Wind power production increasing in Inverness County
-by John Gillis
Raising the tower by crane.
If you have been driving towards Inverness on Route 19 recently and noticed a new wind tower on Cape Mabou from Hawley’s Hill, you are not imagining things.
Cape Mabou is one of three new locations for wind towers being built for Black River Wind Power.
Black River Wind Power is a company that has been around for a few years, and it’s owned by Neal Livingston of Black River, Peggy Cameron of Nova Scotia and Glen Estill of Ontario.
“It’s a $15 million project. This project was ten years in the works with much of the effort focused on securing the financing,” Livingston told The Oran this week.
In addition to the turbine on Cape Mabou, one is being built at Creignish Rear and another at Irish Mountain near New Glasgow. The company has a contract to sell the electricity generated to Nova Scotia Power.
Each of the three Enercon E-82 wind towers is 1950 kilowatts.
The Cape Mabou tower is on Crown land and is being leased to the wind power company. The company recently made improvements to the Cape Mabou Road with the help of local contractors.
The Cape Mabou wind tower is 78 metres high. The blades are 40 metres in length and are heated to ensure better performance in winter.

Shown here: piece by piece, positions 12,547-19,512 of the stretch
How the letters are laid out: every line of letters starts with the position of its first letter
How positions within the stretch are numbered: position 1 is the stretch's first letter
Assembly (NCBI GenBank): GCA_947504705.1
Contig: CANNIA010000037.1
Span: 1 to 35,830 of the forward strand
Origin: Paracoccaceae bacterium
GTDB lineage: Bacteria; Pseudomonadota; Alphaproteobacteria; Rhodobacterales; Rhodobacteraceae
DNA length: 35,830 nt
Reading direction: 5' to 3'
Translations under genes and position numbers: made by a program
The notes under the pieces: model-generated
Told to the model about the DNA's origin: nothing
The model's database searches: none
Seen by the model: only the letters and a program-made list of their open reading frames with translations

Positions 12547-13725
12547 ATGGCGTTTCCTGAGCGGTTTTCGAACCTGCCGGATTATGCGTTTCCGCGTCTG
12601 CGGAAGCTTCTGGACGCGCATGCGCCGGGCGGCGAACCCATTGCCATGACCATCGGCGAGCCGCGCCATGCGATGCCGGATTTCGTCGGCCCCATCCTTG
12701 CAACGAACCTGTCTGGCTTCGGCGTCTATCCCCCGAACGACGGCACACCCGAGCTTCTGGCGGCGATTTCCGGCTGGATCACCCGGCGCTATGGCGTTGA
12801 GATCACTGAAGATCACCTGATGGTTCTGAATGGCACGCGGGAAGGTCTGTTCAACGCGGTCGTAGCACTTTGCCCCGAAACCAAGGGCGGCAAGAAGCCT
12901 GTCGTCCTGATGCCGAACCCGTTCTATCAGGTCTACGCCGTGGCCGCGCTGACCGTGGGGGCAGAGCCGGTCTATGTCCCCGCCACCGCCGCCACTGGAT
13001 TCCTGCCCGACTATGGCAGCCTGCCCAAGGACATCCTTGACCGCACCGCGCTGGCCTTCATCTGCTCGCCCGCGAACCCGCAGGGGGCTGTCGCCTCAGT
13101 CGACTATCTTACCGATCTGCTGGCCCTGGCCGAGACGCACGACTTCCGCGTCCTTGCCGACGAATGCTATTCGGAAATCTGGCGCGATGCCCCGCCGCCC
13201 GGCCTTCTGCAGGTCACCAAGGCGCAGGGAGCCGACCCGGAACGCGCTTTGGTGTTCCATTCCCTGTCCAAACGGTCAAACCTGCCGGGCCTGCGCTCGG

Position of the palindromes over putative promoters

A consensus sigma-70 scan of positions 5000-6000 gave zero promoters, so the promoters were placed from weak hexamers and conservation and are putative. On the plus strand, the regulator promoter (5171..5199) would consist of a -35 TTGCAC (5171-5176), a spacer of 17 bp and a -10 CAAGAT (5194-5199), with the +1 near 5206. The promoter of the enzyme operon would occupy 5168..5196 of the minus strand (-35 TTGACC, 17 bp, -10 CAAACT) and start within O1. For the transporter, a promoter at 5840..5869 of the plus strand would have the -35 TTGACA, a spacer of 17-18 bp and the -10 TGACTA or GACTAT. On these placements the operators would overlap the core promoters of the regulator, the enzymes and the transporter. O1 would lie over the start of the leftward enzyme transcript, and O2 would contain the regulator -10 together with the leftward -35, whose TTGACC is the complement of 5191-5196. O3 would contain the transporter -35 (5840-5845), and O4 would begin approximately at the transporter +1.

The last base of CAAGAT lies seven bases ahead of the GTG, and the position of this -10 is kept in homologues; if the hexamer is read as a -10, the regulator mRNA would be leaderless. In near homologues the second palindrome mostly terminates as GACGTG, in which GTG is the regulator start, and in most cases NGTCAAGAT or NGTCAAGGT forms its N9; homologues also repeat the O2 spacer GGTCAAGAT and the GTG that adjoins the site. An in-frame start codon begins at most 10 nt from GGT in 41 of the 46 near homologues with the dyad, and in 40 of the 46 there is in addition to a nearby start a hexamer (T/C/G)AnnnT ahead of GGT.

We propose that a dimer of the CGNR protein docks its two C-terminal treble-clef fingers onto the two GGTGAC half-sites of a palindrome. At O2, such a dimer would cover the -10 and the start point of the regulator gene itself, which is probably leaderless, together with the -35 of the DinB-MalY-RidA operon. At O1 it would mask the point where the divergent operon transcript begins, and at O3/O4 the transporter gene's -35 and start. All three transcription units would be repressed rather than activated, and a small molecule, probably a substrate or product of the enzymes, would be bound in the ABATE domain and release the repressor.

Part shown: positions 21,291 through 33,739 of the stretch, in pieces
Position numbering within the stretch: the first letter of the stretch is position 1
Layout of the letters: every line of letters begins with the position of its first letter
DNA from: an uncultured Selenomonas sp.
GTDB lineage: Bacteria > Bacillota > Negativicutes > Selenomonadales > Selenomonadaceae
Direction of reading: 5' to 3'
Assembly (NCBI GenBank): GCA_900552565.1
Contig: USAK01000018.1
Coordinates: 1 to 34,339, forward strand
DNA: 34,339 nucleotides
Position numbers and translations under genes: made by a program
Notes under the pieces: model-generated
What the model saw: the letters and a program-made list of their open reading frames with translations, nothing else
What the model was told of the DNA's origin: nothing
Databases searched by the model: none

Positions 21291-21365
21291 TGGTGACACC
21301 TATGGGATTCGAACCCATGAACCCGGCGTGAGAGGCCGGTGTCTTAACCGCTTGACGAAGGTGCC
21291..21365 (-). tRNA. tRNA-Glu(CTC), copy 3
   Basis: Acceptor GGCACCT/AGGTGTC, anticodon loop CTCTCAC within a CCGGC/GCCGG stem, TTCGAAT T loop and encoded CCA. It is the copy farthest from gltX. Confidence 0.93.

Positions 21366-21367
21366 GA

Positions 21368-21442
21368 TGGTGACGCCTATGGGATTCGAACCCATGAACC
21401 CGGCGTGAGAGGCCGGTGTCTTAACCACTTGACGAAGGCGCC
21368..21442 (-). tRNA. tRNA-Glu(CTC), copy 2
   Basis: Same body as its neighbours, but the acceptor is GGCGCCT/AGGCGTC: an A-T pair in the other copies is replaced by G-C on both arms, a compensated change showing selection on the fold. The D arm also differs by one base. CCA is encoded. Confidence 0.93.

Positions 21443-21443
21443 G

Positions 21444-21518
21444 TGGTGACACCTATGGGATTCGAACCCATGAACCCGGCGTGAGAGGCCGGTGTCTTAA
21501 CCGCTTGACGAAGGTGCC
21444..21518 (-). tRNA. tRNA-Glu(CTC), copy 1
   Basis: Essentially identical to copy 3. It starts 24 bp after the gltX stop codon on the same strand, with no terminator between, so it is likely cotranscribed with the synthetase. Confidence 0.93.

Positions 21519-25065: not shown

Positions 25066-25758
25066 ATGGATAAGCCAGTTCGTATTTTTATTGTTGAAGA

The technology for these turbines has improved significantly in recent years according to Livingston who has been a producer of hydro power in Nova Scotia since the early to mid-1980s.
About sixty truck loads of concrete went into construction of the base recently. Cranes are currently on-site, and a crew is assembling the components of the Cape Mabou tower which also includes an elevator.
Enercon is building the project. Enercon has about sixty people working for them in Nova Scotia. Their national maintenance headquarters is in Dartmouth, N.S., a testament to the growth of the wind energy business in Atlantic Canada.
“It will help give Inverness County one of the greenest energy footprints anywhere,” says Livingston.
Walker Electric of Judique has a contract for this project, and Livingston says many local trades persons are employed now in the growing wind power industry.
Ribbon cutting for the official opening locally is set for Thursday, September 26th at 2:30 p.m. at Cape Mabou with music and a celebration set for the former Strathlorne Hall that same evening.
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